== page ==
Making the right wireless choice

There's no simple formula or single solution that suits everyoneAs costs drop and coverage increases, mobile communications is quickly moving beyond its first major market in longhaul truckload applications. With longtime providers introducing new or expanded services and new providers entering the market rapidly, wireless data is about to become a standard tool in virtually all types of truck fleets.Choice

There's no simple formula or single solution that suits everyone

As costs drop and coverage increases, mobile communications is quickly moving beyond its first major market in longhaul truckload applications. With longtime providers introducing new or expanded services and new providers entering the market rapidly, wireless data is about to become a standard tool in virtually all types of truck fleets.

Choice is a good thing. It means fleet managers should be able to find just the right service for their particular operations, but it also brings some high-stakes challenges. Choose the right wireless system for your fleet, and it will repay your investment with fundamental improvements in the way you do business. Choose the wrong one, and you'll be saddled with an expensive technology that just gets in the way of doing business.

Whether you're looking to adopt wireless data for the first time or want to reevaluate a system you're already using, making the right decision will take a considerable amount of work, starting with an examination of your most basic business strategies. To help you get started, here are some essential points to consider: your business case for wireless data, cost and coverage, and integration with existing or new management and e-commerce systems.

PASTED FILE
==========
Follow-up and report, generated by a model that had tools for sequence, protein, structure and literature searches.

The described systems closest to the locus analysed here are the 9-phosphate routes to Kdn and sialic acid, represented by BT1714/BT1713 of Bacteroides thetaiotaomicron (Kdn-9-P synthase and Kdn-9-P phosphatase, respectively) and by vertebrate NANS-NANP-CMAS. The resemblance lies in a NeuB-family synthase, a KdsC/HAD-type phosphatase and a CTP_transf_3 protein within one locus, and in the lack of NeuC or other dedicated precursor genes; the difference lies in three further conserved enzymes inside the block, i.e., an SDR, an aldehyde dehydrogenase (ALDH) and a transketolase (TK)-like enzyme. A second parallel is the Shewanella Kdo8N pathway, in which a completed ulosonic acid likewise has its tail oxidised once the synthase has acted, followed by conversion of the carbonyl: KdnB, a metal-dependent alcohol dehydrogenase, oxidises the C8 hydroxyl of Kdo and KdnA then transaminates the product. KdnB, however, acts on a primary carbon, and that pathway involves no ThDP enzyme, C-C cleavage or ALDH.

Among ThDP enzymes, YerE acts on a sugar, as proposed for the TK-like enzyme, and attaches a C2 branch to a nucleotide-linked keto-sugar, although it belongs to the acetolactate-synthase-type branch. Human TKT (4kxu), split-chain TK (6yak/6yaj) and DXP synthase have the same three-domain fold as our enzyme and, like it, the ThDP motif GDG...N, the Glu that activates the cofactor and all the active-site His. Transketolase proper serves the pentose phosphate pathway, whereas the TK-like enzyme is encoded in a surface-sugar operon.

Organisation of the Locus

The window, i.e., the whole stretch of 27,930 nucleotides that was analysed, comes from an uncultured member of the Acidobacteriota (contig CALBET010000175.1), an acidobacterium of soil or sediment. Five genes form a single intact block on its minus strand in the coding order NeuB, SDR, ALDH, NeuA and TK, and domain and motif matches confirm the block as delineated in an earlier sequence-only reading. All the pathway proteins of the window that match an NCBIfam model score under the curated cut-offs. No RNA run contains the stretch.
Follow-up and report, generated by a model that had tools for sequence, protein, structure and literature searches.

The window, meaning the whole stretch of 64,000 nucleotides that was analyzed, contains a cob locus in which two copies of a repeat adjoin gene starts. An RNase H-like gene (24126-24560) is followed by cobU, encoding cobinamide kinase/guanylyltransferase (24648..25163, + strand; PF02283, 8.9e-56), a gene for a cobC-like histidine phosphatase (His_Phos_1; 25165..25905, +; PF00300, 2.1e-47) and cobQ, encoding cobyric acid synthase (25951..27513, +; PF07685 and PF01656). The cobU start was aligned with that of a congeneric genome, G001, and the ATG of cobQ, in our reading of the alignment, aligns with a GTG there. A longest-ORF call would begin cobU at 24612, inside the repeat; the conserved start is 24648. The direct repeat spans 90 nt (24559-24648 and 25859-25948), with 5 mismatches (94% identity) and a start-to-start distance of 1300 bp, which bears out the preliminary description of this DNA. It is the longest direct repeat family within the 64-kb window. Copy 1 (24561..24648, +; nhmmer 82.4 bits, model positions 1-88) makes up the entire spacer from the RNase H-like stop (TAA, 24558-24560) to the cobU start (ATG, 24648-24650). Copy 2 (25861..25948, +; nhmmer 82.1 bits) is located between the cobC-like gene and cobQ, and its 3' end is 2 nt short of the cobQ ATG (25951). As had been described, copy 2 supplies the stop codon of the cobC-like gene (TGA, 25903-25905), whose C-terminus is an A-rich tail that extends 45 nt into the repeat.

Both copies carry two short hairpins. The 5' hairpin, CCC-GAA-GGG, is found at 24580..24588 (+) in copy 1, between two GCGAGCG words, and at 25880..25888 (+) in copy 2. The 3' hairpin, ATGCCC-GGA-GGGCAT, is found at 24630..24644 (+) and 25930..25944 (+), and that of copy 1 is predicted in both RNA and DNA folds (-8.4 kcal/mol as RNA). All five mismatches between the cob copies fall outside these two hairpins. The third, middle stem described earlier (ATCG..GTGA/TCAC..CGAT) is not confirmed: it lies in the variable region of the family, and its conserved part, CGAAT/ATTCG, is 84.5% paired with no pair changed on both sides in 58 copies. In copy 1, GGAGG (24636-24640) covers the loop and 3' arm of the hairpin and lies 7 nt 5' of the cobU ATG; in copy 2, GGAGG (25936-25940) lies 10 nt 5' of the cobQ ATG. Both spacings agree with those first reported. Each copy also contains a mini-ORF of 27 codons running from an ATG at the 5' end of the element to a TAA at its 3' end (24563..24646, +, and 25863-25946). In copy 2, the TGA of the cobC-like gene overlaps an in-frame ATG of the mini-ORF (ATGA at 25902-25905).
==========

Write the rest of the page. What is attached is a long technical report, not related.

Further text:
Once you understand what you want to achieve with wireless data, there's a list of basic questions that can help you compare appropriate providers. We've also included a list of companies that provide wireless data communications, either as a standalone service or as part of an integrated fleet management package. However, this list is just a starting point, since new companies are rapidly entering the market with products specifically tailored for different trucking applications.

Business case Although some truckload carriers found themselves forced into wireless communications by customers that required it as a condition of getting their freight, your first step should be making a strong business case for bringing wireless data communications into your operations. You need to identify how you will use the technology initially and how it can be extended to other parts of your fleet operations. The hard but critical part, say experts, is anticipating how wireless will change your business.

Once you understand why you need wireless access to your trucks and drivers, and how that access will improve your operations, you should be well on your way to successfully choosing the right system.

The following points were offered in interviews with wireless company executives and experts as critical considerations in making your business case:

* Recognize the importance of adopting an effective wireless data system. Fleets that do will offer higher levels of service and achieve better utilization of assets.

* The move to wireless gives you an opportunity to look at all of your operations and procedures - to change the way you do business. Don't try to overlay new technology on old business practices.

* You're running a transportation business, not a telecommunications company, so concentrate on your operating ratio, not telecommunications technologies.

* The objective of wireless data isn't more stops per day, it's achieving competitive advantage. Look at wireless across all areas of your fleet operations, and consider how the various systems might be leveraged throughout your operation.

* Providers often have professional services available that can help you evaluate specific wireless information needs and solutions.

* Don't underestimate the need for staff training. Without it, drivers, dispatchers, and other operational staff will not give up their old, familiar, and, in their eyes, effective systems.

* Once you've developed a business case, map out the strategies you'll use to achieve it.